Informed consent was obtained from all subjects involved in the study.

Data Availability Statement

Data are available on request due to privacy and ethical restrictions.

Conflicts of Interest

The authors declare that there is no conflict of interest regarding the publication of this article. We did not receive, and had no relationship with any of the manufacturers of, the equipment and tools used for training (e.g., roller skis, training machine, sport watches).


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Figure 1. Monthly summary of comprehensive loads in hours.
Figure 1. Monthly summary of comprehensive loads in hours.
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Figure 2. Monthly summary of targeted loads in hours.
Figure 2. Monthly summary of targeted loads in hours.
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Figure 3. Summary of training hours.
Figure 3. Summary of training hours.
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Table 1. Comparison of the first and second tests of the studied variables.
Table 1. Comparison of the first and second tests of the studied variables.
Parameter Median (Interquartile Range, IQR)Result 1Result 2p-Value
Body weight (kg)79.5 (7.3)78.2 (5.9)0.333
BMI (kg/m2)23.9 (1.0)23.9 (0.9)0.191
% body fat mass15.5 (3.5)14.4 (3.4)0.038
Body fat mass (kg)11.1 (4.0)10.1 (3.4)0.023
Relative VO2max (mL/kg/min)49.6 (5.0))51.6 (4.3)0.008
Maximum heart rate (bpm)187.0 (7.5)183.0 (10.0)0.195
Cholesterol high-density lipoproteins (HDL) (mg/dL)58.1 (13.2)55.7 (25.5)0.551
Cholesterol non-HDL (mg/dL)114.2 (39.4)112.7 (37.7)1.000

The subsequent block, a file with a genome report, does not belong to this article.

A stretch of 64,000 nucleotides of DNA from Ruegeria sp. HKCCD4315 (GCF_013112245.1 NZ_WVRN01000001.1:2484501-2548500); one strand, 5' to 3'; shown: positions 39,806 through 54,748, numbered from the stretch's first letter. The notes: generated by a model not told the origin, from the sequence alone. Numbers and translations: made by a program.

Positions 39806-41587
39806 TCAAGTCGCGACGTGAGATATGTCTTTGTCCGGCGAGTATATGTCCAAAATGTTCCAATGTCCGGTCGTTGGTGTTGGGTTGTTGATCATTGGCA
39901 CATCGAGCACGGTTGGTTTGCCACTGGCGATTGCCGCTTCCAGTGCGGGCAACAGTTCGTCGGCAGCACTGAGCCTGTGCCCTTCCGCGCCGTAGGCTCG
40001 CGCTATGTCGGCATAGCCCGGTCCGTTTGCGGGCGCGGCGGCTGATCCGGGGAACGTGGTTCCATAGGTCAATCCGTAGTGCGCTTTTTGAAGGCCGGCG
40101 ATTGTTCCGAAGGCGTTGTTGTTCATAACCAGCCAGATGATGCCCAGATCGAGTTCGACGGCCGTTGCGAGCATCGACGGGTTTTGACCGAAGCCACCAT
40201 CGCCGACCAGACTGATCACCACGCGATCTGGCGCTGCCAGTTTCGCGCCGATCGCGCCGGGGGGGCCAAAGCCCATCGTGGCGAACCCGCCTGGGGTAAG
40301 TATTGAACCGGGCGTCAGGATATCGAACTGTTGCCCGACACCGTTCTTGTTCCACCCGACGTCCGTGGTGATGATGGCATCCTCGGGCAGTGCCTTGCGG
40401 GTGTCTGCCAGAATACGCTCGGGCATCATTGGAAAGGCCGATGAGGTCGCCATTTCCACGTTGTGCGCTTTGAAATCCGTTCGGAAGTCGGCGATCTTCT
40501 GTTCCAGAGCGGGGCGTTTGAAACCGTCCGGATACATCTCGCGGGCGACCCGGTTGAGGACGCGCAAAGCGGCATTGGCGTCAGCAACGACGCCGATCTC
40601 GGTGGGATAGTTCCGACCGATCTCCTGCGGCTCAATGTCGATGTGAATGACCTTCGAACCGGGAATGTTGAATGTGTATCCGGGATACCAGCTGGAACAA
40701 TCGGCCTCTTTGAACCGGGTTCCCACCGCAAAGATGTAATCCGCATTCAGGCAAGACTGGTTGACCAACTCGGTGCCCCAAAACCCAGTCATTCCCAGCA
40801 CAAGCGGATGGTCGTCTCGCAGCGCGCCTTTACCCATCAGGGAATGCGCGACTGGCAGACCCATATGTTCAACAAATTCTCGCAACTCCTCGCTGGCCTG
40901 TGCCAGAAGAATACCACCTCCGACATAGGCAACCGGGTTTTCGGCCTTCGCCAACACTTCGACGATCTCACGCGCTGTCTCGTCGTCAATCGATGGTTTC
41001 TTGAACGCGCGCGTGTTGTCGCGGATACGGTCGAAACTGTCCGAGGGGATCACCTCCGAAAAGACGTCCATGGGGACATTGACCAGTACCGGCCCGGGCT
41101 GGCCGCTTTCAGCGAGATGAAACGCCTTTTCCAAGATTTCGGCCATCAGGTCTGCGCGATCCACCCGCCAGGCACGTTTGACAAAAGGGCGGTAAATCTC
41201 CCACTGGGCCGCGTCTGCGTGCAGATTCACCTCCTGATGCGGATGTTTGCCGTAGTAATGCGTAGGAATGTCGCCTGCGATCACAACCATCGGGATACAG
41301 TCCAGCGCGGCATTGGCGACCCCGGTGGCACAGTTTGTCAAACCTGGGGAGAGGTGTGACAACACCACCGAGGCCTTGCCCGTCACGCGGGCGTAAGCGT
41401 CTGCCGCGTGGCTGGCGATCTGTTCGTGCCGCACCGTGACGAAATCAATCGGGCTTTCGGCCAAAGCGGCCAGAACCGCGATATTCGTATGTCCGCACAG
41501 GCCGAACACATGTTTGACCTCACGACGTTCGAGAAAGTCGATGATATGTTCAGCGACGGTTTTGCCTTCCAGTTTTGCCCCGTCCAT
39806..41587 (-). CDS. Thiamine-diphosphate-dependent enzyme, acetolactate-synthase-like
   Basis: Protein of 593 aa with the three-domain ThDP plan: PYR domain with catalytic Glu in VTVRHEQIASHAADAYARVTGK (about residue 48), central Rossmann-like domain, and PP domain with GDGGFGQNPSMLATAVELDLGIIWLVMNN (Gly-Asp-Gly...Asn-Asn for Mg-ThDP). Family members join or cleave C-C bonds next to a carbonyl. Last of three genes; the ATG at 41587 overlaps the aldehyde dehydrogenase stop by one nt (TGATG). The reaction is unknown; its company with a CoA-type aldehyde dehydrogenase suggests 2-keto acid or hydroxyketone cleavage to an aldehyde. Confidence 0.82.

Cholesterol low-density lipoproteins (LDL) (mg/dL)98.7 (35.4)98.8 (39.1)0.233
Triglycerides (mg/dL)72.0 (40.2)56.0 (54.4)0.572
Total cholesterol (mg/dL)165.0 (38.2)169.0 (39.1)0.286
Table 2. The p-values and correlations for VO2max.
Table 2. The p-values and correlations for VO2max.
Variablep-ValueCorrelation (R Spearman)
Body weight (kg)0.049−0.5278
BMI (kg/m2)0.069−0.4782
% body fat mass0.8800.0778
Body fat mass (kg)0.858−0.0612
Maximum heart rate (bpm)0.1380.4464
Cholesterol high-density lipoproteins (HDL) (mg/dL)0.5380.1838
Cholesterol non-HDL (mg/dL)0.712−0.1077
Cholesterol low-density lipoproteins (LDL) (mg/dL)0.699−0.1207
Triglycerides (mg/dL)0.9560.0201
Total cholesterol (mg/dL)0.247−0.3328
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Grzebisz-Zatońska, N.; Grzywacz, T.; Waśkiewicz, Z. The Influence of Endurance Training on the Lipid Profile, Body Mass Composition and Cardiovascular Efficiency in Middle-Aged Cross-Country Skiers. Int. J. Environ. Res. Public Health 2021, 18, 10928.

AMA Style

Grzebisz-Zatońska N, Grzywacz T, Waśkiewicz Z. The Influence of Endurance Training on the Lipid Profile, Body Mass Composition and Cardiovascular Efficiency in Middle-Aged Cross-Country Skiers. International Journal of Environmental Research and Public Health. 2021; 18(20):10928.

Chicago/Turabian Style

Grzebisz-Zatońska, Natalia, Tomasz Grzywacz, and Zbigniew Waśkiewicz. 2021. "The Influence of Endurance Training on the Lipid Profile, Body Mass Composition and Cardiovascular Efficiency in Middle-Aged Cross-Country Skiers" International Journal of Environmental Research and Public Health 18, no. 20: 10928.